Robin's Blog

Pint + SQLAlchemy = Unit consistency and enforcement in your database

Last week I presented a poster at PyData Global 2020, about linking the pint and SQLAlchemy libraries together to provide robust handling of units with databases in Python.

The poster is shown below: click to enlarge so you can read the text:

The example code is available on Github and is well-commented to make it fairly easy to understand.

That poster was designed to be read when you had the opportunity to chat to me about it: as that isn’t necessarily the case, I’ll explain some of it in more detail below.

Firstly, the importance of units: I’m sure you can come up with lots of examples of situations when it’s really important to know what units your data are in. 42 metres, 42 miles and 42 lightyears all mean very different things in the real world! One of the most famous examples of this is the failure of the Mars Climate Orbiter – a spacecraft sent to observe Mars which failed when some data was provided in the wrong units.

The particular situation in which we came across this problem was in some software for processing shipping data. This data was derived from a range of sources, all of which used different units. We needed to make sure that we were associating each measurement with the right units, so that we could then accurately compare measurements.

When you need to deal with units in Python, the answer is almost always to use the pints library. This provides a great `Quantity` object which stores a numerical value alongside its units. These objects can be created really easily using the multiplication operator. For example:

``distance = 5.2 * unit_registry.metres``

(Yes, as someone asked in the poster session, both spellings of metres/meters are accepted!)

Pint has data on almost every unit you could think of built-in, along with their conversion factors, their unit abbreviations, and so on.

Once you’ve got a `Quantity` object like that, you can do useful things like convert it to another unit:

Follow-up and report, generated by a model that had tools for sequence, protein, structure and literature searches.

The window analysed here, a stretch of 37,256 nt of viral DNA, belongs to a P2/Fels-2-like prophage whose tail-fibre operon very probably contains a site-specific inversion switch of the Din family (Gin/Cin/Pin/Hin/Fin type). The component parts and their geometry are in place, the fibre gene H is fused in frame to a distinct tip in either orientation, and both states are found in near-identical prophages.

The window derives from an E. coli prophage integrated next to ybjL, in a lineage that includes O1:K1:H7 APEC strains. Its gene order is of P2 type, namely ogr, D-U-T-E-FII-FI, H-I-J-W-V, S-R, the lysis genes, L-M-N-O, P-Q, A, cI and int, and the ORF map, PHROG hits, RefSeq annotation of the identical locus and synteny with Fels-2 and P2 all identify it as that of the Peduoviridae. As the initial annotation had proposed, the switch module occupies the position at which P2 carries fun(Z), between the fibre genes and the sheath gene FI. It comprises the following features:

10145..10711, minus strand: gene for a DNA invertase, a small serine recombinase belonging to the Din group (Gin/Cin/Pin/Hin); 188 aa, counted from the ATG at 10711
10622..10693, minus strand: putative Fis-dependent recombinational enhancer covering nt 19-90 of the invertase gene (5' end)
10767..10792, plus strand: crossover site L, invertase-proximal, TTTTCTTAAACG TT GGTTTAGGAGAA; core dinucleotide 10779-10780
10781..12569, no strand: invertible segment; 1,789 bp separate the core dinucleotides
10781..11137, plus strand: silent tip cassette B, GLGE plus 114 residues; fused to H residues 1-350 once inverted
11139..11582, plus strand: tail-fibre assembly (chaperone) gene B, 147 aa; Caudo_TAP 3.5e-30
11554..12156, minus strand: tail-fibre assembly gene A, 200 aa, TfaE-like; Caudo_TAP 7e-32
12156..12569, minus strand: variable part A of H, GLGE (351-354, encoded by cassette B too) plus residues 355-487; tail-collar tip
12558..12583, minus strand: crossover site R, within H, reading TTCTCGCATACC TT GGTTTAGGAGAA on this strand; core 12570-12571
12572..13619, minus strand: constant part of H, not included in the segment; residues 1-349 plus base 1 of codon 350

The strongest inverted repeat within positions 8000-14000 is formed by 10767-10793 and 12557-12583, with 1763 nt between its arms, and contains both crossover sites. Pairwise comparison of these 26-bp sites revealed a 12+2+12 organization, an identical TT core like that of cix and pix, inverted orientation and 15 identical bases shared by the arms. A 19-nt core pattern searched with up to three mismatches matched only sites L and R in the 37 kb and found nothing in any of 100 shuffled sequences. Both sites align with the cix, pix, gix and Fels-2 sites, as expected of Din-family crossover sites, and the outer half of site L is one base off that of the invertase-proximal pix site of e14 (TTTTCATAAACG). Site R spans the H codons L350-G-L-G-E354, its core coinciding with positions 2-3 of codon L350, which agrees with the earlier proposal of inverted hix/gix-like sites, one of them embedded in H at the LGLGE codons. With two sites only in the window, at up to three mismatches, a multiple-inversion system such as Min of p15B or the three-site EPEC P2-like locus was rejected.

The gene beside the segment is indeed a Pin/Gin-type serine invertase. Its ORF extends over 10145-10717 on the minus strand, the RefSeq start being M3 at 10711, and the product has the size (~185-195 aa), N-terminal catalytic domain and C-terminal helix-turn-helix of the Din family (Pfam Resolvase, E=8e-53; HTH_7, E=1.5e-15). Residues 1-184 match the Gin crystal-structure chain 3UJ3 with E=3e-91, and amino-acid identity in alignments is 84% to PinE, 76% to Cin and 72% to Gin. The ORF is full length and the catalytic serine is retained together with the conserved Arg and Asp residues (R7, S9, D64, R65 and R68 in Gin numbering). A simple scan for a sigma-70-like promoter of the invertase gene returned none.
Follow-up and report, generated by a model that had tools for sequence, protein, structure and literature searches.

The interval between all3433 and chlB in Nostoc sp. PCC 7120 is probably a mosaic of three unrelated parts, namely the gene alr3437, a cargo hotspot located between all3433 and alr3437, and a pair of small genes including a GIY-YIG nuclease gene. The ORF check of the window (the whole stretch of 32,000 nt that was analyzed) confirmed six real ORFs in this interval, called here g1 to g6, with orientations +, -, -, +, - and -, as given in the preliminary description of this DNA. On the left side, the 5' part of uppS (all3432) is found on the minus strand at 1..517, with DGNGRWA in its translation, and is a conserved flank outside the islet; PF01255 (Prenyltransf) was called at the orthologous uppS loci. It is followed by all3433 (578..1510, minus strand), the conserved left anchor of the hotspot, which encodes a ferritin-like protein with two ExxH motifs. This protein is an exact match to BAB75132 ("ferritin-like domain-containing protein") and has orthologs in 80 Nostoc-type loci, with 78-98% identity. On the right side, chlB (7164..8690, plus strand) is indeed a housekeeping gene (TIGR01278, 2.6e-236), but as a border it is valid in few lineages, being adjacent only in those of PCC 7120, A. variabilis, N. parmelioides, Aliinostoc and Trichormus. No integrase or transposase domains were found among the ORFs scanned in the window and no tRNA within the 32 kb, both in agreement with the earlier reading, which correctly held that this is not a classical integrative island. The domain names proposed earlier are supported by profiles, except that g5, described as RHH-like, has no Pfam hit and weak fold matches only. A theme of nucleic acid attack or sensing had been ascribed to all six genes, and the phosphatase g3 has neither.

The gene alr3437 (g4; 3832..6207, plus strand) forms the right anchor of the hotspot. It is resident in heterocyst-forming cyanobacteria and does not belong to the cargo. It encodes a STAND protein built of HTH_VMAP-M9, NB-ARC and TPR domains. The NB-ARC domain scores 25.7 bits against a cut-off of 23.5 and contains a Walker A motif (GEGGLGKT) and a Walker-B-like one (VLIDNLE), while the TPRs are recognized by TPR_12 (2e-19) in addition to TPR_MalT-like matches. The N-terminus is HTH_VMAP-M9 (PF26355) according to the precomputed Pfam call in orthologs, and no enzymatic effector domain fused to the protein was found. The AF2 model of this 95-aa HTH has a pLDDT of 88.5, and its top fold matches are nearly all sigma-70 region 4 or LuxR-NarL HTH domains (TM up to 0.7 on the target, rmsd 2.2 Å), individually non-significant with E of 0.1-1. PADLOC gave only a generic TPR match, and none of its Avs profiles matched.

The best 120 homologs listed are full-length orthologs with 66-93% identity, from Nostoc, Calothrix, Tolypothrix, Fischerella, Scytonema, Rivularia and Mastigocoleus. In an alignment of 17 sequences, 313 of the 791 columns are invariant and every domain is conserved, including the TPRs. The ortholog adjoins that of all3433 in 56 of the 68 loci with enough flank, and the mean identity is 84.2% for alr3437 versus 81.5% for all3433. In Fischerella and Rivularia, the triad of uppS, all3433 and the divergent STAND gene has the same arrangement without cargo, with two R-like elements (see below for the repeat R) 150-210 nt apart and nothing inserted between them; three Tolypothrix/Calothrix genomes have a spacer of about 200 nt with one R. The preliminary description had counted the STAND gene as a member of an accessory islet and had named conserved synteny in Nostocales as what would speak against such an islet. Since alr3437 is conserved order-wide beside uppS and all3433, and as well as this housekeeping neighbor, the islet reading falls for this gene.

``distance.to(unit_registry.miles)``

This is great, and we built this in to our software from an early stage, using Quantity objects as much as possible. However, we then needed to store these measurements in a database. Originally our code looked like this:

``````# Read measurement from file
measurement = 50.2
# Assign units to it
measurement = measurement * unit_registry.yards
# Convert to units we want in the database
measurement_in_m = measurement.to(unit_registry.metre)
# Store in the database
db_model.distance = measurement``````

This was very error-prone, as we could forget to assign the proper units, or forget to convert to the units we were using in the database. We wanted a way for our code to stop us making these sorts of mistakes!

We found we could do this by implementing a hybrid_property in our SQLAlchemy model, which would check our data and do any necessary conversions before setting the value in the database. These work in the same way as standard ‘getter and setter’ properties on objects, where they run some code when you set or get a value from an attribute.

As is often the case with using getter/setters methods, the actual value is stored in a variable prefixed with an underscore – such as `_distance`, and the getter/setter names are `distance`.

In the getter we grab the value from `_distance`, which is always stored in metres, and return it as a Quantity object with the units set to metres.

In the setter, we check that the value we’re passing has a unit assigned, and then check the ‘dimensionality’ of the unit – for example, we check it is a valid length unit, or a valid speed unit. We then convert it to metres and store it in the `_distance` member variable.

For more details on how this all works, have a look at the example code.

This is ‘good enough’ for the work I’m doing at the moment, but I’m hoping to find some time to look at extending this: someone at the conference suggested that we could get rid of some of the boilerplate here by using factories or metaclasses, and I’d like to investigate that.

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This post originally appeared on Robin's Blog.

Categorised as: Programming, Python